On What Grounds (Coffeehouse Mystery #1) by Cleo Coyle (review)

August 16, 2015 All Reviews, Mystery 0 ★★★★

On What Grounds (Coffeehouse Mystery #1) by Cleo Coyle (review)On What Grounds by Cleo Coyle
Series: Coffeehouse Mystery #1
Published by Penguin on 2003
Number of Pages: 275
Genres: Cozy Mystery
Source: Library
Format: eBook
Purchase: At Amazon

Introducing a delightful new series featuring Clare Cosi, manager of the historic Village Blend coffeehouse...

Clare arrives at work to discover the assistant manager dead in the back of the store, coffee grounds strewn everywhere. Two detectives investigate. But when they find no sign of forced entry or foul play, they deem it an accident. Still, Clare is not convinced. And after the police leave, Clare can't help wondering...If this was an act of murder, is she in danger?

I love the smell of coffee, but not the taste. And so I know little to nothing about coffee drinks. That totally didn’t matter. If a coffee drink was mentioned, there was also a quick description. There was a lot of information about various brewing methods, types of beans, how to make the perfect cup of coffee, etc. And not being a coffee drinker, I expected that to bother me. It didn’t at all, it just made Clare’s character seem more real. She was totally into the coffee business, and her enthusiasm was just part of her character.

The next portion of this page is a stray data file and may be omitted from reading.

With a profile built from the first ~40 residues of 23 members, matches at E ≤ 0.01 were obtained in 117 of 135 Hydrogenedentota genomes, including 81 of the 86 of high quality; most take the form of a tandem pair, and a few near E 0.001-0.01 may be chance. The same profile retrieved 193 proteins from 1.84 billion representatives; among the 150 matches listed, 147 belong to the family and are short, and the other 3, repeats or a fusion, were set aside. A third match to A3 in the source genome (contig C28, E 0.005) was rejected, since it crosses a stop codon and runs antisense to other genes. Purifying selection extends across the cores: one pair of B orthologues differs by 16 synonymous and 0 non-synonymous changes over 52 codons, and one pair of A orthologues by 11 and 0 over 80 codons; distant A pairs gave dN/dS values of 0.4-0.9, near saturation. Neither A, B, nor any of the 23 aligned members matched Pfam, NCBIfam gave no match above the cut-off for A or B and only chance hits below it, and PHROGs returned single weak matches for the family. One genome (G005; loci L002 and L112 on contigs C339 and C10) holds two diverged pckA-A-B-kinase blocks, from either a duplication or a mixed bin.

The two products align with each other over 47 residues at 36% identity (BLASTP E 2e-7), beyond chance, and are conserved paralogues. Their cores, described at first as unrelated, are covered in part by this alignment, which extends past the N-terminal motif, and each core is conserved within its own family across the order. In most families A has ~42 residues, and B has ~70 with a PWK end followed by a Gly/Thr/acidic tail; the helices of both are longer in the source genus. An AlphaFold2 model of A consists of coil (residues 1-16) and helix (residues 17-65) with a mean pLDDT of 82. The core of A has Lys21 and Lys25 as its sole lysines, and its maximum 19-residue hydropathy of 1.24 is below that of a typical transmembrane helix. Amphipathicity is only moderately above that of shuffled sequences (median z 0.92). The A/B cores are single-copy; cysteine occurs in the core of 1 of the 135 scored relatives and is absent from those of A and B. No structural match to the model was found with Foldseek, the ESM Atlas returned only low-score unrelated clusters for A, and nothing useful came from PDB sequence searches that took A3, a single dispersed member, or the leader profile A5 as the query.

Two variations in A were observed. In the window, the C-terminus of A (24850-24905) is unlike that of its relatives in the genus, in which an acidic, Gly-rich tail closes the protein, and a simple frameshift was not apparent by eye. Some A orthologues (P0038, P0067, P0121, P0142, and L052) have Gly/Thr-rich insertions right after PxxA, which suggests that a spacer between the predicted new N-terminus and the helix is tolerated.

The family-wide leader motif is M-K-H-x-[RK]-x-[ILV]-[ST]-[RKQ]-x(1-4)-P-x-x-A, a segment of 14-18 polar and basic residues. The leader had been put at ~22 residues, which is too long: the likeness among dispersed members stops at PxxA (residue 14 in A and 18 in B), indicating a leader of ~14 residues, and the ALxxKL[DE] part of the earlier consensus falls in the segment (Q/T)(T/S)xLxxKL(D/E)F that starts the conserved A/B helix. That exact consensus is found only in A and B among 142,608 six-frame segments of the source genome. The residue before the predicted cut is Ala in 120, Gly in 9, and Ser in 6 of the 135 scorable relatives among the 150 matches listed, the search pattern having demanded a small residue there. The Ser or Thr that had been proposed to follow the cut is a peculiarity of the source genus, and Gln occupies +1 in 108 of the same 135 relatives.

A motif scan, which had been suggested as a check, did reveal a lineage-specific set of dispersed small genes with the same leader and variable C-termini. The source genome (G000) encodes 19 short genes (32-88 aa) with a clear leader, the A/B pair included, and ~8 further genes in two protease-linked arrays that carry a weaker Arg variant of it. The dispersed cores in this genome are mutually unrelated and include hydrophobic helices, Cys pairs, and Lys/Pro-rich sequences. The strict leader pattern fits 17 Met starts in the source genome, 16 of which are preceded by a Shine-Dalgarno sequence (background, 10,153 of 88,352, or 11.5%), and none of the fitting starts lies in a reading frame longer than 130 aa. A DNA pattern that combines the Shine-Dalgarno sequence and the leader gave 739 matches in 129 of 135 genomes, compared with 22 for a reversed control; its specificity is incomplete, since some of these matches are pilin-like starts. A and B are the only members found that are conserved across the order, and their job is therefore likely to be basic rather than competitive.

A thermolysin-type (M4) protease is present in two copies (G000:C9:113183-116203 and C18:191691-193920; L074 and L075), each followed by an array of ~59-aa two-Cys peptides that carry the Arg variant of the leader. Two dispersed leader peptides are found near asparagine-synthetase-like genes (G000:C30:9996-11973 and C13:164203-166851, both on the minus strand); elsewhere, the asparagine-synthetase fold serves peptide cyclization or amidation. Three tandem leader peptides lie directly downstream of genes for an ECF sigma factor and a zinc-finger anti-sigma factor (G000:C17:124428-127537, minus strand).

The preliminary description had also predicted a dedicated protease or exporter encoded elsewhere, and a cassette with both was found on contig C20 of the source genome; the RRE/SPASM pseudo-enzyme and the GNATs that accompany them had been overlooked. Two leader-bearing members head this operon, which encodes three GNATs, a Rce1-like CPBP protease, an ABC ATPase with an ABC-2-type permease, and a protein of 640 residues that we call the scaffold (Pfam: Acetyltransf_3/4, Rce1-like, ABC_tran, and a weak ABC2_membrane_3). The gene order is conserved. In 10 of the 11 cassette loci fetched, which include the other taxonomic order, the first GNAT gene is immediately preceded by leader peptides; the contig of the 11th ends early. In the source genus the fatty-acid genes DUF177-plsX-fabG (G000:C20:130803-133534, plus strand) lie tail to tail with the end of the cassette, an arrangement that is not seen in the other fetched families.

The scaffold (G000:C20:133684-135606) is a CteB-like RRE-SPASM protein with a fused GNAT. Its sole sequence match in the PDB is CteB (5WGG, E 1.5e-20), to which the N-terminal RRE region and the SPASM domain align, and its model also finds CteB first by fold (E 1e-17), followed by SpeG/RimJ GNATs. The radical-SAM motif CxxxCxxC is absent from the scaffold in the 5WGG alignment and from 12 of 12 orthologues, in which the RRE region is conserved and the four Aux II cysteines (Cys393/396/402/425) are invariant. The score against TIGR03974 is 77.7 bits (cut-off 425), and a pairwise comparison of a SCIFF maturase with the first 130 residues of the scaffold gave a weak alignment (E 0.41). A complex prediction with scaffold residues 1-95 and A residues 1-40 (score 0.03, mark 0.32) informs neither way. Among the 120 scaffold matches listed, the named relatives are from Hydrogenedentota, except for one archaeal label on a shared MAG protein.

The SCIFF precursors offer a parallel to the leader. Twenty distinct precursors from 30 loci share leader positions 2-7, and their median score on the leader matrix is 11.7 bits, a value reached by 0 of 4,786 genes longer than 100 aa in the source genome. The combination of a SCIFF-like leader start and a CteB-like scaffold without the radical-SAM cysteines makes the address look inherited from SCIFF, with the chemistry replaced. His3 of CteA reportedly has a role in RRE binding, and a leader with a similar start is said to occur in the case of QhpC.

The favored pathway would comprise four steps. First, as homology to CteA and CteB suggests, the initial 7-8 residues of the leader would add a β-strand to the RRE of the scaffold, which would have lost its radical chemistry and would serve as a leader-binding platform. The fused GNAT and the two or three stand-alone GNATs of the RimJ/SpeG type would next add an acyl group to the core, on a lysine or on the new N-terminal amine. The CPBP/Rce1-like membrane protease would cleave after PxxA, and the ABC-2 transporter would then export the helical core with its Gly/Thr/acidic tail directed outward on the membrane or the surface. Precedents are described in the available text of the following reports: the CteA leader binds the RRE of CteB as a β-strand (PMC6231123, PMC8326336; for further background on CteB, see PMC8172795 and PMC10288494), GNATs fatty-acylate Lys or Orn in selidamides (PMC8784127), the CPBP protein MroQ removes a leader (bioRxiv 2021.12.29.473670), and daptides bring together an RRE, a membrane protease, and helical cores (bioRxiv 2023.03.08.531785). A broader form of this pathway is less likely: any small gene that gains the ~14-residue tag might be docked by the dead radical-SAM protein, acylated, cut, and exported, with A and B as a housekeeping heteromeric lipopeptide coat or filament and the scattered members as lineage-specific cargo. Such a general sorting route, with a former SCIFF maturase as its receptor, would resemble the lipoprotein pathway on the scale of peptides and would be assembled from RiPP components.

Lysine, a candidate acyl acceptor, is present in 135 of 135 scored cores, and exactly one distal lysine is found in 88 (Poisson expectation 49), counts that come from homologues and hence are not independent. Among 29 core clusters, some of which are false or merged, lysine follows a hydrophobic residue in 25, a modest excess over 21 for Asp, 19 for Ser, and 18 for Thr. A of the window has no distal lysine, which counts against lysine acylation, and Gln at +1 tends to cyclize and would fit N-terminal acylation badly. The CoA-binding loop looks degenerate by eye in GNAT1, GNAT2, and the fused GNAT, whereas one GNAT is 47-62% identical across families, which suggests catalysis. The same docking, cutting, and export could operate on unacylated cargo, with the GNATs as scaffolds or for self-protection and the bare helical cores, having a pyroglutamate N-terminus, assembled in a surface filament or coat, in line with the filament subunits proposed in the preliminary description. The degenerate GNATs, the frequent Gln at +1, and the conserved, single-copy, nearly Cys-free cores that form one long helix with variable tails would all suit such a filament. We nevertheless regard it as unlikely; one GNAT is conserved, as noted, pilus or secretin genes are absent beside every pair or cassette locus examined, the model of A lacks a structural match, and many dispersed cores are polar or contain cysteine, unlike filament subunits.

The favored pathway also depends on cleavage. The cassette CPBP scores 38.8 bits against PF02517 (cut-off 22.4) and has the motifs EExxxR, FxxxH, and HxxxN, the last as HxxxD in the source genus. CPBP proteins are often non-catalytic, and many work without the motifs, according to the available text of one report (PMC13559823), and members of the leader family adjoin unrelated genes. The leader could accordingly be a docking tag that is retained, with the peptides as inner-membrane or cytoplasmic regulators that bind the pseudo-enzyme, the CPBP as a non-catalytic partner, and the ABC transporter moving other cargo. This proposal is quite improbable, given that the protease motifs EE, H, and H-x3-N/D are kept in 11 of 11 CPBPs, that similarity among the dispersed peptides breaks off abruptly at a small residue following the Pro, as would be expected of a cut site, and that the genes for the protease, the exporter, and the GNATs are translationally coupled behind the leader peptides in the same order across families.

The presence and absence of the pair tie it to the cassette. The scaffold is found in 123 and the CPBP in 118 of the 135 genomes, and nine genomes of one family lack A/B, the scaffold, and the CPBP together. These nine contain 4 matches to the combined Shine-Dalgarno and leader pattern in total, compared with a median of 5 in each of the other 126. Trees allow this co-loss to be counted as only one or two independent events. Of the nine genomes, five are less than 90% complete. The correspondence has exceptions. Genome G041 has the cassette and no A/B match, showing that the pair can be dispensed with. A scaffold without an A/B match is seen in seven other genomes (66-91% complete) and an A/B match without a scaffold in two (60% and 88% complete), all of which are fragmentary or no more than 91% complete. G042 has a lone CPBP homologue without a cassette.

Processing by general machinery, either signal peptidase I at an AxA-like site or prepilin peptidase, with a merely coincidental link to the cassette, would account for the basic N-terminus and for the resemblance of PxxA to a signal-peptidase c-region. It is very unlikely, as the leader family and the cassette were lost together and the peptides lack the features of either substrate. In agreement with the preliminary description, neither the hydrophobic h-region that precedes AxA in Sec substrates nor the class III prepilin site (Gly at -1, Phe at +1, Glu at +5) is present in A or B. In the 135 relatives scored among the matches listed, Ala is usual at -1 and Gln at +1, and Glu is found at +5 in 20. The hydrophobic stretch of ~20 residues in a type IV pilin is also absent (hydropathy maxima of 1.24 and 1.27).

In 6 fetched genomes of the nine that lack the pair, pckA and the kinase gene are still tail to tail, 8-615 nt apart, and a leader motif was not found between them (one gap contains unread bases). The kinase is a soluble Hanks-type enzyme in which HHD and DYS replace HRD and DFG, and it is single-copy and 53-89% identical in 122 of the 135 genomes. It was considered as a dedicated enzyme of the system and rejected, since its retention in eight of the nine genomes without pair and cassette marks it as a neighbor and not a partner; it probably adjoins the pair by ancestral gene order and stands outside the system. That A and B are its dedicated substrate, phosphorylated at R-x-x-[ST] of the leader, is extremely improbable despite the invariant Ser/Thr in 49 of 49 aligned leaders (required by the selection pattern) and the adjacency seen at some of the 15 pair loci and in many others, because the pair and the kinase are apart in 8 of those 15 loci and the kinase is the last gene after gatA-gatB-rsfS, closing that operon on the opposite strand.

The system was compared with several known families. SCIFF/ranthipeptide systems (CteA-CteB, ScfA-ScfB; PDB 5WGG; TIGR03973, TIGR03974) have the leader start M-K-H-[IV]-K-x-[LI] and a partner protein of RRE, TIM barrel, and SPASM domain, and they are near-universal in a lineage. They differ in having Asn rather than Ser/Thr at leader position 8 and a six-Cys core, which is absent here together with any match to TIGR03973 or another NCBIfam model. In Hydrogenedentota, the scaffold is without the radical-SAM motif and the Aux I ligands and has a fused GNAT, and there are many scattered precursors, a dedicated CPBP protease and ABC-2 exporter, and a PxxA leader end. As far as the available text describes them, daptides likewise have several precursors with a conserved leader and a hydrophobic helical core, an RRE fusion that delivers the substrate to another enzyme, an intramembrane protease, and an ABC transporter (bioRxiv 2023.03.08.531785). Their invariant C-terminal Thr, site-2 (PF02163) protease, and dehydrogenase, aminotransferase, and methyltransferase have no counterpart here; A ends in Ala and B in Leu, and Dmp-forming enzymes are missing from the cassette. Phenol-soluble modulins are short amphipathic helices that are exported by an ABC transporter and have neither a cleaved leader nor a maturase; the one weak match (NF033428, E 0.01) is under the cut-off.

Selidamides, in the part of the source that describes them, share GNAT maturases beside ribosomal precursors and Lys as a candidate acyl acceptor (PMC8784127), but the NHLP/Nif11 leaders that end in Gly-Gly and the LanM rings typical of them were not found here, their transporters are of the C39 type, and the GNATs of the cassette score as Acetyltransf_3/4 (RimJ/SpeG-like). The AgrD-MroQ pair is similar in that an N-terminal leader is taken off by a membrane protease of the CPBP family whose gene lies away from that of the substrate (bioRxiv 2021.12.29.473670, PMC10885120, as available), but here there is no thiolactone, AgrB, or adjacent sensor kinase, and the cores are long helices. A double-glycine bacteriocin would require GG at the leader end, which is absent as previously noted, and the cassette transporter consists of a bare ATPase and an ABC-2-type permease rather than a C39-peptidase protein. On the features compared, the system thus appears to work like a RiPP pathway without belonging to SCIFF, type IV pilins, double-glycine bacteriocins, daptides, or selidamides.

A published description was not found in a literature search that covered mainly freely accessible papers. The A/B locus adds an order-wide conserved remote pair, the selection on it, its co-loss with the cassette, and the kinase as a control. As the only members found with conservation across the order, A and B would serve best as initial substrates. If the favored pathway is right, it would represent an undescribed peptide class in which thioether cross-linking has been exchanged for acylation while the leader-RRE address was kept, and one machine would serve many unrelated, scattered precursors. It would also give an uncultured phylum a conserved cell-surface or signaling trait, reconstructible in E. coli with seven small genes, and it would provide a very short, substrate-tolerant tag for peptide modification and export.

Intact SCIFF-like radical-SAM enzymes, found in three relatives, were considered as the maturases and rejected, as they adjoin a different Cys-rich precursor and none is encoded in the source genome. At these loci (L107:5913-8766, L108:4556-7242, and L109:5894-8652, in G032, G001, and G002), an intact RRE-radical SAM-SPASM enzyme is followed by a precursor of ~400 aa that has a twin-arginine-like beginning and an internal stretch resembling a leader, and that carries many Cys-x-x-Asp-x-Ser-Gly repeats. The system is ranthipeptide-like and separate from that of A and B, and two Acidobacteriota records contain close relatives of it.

I didn’t care much for her ex-husband, and he was a central character for a good bit of the book. If she gets back together with him, I will be very disappointed. I really liked Quinn though, and Clare’s interactions with him and the other police officers made me laugh! Java, her cat was more than just a passing reference, she actually played a useful role in the mystery.

As for the mystery itself? I had NO IDEA who was behind Annabelle’s accident. I kept guessing, and then my guess would be disproved. So I’d guess someone else, and it wouldn’t be them either! I love when the mystery isn’t obvious and keeps you guessing like that until the very end.

It wasn’t quite believable that they got so much information, and so quickly, about Annabelle’s step-mother in her hotel room. But by that point in the story, I had already been sucked in and was willing to forgive small leaps in believability.

At the end of the book, there are recipes for a few types of coffee, a cheesecake, and two alcoholic drinks. All of which were used in the story itself.

If you like mysteries with lots of humor, interesting twists, and far from obvious bad guys, you need to try this book. I will be picking up the next in the series, soon.


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